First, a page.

• U.S. News & World Report also recognized the online bachelor’s degree offerings at Georgia College ranking them 49th best in the nation and tied with several other schools.

GC Alumna accepted as female Ph.D. student in Computer Science

Talking Points:

  • Karen Aguar, a Georgia College Alumna, is a female Ph.D. candidate in computer science at the University of Georgia.
  • Aguar graduated from Georgia College in 2012 with her Bachelor of Science degree in computer science. She did not originally enter GC intending to major in computer science, but she found she really enjoyed the introductory CS courses. After changing her major, she worked with the computer science professors to finish her degree in four years. While she was an undergrad, she worked as a tutor for computer science and also created instructional videos to supplement some of the textbooks used in the computer science departments.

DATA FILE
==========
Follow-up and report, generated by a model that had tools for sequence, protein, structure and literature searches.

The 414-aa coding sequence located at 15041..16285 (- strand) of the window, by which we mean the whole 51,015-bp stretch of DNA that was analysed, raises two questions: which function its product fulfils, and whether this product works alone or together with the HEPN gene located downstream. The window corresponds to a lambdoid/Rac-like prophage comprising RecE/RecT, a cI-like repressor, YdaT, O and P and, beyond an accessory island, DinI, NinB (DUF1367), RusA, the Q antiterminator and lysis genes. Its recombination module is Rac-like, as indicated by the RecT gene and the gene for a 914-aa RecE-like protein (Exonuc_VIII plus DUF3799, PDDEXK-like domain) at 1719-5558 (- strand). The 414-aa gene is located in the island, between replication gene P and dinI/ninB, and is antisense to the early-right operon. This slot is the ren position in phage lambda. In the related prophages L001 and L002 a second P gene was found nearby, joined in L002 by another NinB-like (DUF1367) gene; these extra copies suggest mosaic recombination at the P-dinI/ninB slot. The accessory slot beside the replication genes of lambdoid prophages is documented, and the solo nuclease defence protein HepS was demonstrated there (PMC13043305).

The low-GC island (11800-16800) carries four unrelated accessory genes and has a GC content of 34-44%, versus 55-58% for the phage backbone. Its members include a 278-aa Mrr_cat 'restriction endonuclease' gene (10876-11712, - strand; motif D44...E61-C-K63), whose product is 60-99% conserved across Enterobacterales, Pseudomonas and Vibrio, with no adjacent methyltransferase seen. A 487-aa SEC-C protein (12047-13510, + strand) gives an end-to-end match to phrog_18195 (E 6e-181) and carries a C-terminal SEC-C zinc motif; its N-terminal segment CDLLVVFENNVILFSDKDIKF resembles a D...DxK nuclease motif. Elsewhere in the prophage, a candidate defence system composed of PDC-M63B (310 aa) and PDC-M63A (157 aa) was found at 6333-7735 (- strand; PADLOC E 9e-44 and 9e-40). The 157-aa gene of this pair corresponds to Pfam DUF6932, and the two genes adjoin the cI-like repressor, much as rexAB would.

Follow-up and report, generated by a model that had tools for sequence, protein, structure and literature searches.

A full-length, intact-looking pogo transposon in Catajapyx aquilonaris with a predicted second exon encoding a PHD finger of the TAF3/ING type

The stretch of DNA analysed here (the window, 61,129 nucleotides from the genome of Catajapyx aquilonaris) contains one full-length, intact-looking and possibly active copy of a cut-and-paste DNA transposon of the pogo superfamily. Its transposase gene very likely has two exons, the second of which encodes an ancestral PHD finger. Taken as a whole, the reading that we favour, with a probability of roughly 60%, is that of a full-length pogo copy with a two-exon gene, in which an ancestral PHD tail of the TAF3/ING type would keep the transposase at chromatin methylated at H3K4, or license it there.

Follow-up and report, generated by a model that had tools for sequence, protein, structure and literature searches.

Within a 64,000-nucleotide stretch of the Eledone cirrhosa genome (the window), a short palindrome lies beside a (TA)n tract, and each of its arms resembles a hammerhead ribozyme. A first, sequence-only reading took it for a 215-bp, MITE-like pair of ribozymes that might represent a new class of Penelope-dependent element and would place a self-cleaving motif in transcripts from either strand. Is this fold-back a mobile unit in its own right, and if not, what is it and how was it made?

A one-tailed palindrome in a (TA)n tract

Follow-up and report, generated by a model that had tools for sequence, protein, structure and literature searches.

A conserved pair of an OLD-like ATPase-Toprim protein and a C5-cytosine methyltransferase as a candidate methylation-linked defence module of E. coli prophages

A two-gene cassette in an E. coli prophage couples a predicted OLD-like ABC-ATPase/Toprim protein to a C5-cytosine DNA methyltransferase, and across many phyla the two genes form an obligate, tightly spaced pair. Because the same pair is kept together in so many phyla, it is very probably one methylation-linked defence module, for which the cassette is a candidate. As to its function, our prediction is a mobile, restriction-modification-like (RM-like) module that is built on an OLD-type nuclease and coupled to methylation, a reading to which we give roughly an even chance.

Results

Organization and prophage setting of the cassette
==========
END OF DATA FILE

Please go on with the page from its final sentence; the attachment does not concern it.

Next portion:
• Knowing she wanted to teach, Aguar applied to University of Georgia’s Ph.D. in Computer Science program. She was not originally accepted to the Ph.D. program, but they had accepted her to their master’s in computer science program. Instead of giving up her dream of teaching and entering the workforce, Aguar took a chance and accepted her invitation to their master’s program with hopes of transferring to their Ph.D. program. After a short time at UGA, she was accepted as the only American female pursuing her Ph.D. in computer science at UGA during this time.
  • She credits her academic success to a strong support system of professors from both Georgia College and the University of Georgia. She stated that the small class sizes and the personal relationships created with the professors at GC were invaluable; and because UGA did not offer a research topic that fit her interests, she worked with UGA professors to create an entirely new research topic for computer science majors in computer science education.